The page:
Yesterday was a gorgeous day, but I didn’t do a great deal in the garden. Mostly, I went to the library to work on a book I’m writing. When I got home, I saw some of our rabbits had escaped from their rabbit rangers (more about that in a future episode) and were running around the pasture. So, I spent the next hour chasing down bunnies. Oh, the glamorous life of a small farmer!

While I didn’t work long on the garden, I am very happy with what I accomplished. I managed to pull the plants out of all 23 bucket containers, clean off the roots and get the buckets into the greenhouse, where in 1 month I will plant them with sugar snap peas. I also emptied a few of the grow bags into compost heap.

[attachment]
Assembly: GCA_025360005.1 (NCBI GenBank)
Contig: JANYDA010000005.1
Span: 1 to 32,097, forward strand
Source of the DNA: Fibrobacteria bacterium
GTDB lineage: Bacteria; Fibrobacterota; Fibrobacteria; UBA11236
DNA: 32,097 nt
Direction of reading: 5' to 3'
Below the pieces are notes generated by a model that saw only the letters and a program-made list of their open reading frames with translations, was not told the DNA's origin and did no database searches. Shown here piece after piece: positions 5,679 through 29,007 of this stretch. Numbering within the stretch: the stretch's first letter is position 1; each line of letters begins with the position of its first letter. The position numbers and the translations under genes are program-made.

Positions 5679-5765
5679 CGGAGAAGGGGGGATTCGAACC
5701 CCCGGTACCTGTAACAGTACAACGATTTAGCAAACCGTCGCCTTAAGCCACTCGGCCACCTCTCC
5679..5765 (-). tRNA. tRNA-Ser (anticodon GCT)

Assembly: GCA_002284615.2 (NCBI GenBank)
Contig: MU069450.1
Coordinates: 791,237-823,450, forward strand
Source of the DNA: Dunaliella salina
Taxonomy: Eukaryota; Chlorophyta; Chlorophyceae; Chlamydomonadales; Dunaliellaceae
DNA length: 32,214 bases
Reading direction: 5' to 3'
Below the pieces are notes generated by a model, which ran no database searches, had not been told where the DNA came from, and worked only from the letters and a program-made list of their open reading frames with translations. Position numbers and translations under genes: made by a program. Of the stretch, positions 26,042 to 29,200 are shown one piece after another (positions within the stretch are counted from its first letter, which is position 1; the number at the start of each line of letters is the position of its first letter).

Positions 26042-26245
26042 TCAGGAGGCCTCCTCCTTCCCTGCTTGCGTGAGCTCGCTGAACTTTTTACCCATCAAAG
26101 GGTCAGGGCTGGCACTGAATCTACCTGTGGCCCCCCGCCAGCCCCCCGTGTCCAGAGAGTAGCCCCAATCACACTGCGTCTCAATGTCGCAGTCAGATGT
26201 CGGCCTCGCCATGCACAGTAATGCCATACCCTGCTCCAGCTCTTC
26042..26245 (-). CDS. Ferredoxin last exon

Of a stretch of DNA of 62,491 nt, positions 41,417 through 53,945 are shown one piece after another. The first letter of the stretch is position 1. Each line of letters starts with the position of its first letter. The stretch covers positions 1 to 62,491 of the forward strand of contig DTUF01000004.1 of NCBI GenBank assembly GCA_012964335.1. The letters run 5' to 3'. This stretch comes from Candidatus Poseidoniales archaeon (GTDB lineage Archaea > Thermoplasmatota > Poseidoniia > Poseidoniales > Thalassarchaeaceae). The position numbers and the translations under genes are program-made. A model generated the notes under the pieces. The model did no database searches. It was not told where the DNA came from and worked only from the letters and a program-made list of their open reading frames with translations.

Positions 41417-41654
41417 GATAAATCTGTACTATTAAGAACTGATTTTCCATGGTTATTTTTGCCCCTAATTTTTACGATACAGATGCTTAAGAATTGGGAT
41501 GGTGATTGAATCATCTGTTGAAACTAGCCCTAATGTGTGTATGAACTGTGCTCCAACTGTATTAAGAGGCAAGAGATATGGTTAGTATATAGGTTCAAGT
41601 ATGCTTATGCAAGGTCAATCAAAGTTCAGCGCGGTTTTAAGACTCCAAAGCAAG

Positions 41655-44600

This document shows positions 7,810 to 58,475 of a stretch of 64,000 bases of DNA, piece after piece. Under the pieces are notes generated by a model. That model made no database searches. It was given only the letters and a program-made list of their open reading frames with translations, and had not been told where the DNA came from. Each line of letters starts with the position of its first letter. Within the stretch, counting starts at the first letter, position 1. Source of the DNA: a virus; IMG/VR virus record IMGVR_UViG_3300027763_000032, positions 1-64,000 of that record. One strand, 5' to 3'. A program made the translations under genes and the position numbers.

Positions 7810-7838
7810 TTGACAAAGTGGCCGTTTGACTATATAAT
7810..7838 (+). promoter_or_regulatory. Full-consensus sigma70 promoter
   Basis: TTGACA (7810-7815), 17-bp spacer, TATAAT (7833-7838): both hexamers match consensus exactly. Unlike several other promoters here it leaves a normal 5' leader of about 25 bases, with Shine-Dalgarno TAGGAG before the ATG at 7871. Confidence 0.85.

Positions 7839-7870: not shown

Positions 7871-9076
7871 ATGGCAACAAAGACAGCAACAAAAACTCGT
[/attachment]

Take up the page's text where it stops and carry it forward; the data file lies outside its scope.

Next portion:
The buckets were planted with peppers, tomatoes and eggplant. The roots spread through the whole container and fight hard to stay there. Its a very good bicep and triceps workout; and you don’t even need to go to the gym.

Ready for planting in January

Ready for planting in January

It’s always good for the body AND soul to work up a sweat. When you can do that working outside in December, well, it’s just a darned good day!

A good sweat. Sorry for wearing an Oklahoma shirt in public :-)

A good sweat. Sorry for wearing an Oklahoma shirt in public 🙂

 

Why Farmers Market Prices Are Sometimes Higher Than Supermarkets. Hint: They’re Worth It!

Farmers Market

Farmers Market

The other day, I was reading an online discussion about the Farmers Market produce prices and Supermarket Prices. The discussion was both enlightening and discouraging. Let me explain.

The thread began with a consumer saying he was ‘done’ with shopping at his farmers market, because prices were too high; in some cases twice as expensive at the grocery store.  He said that he wants to support local, but not at any price.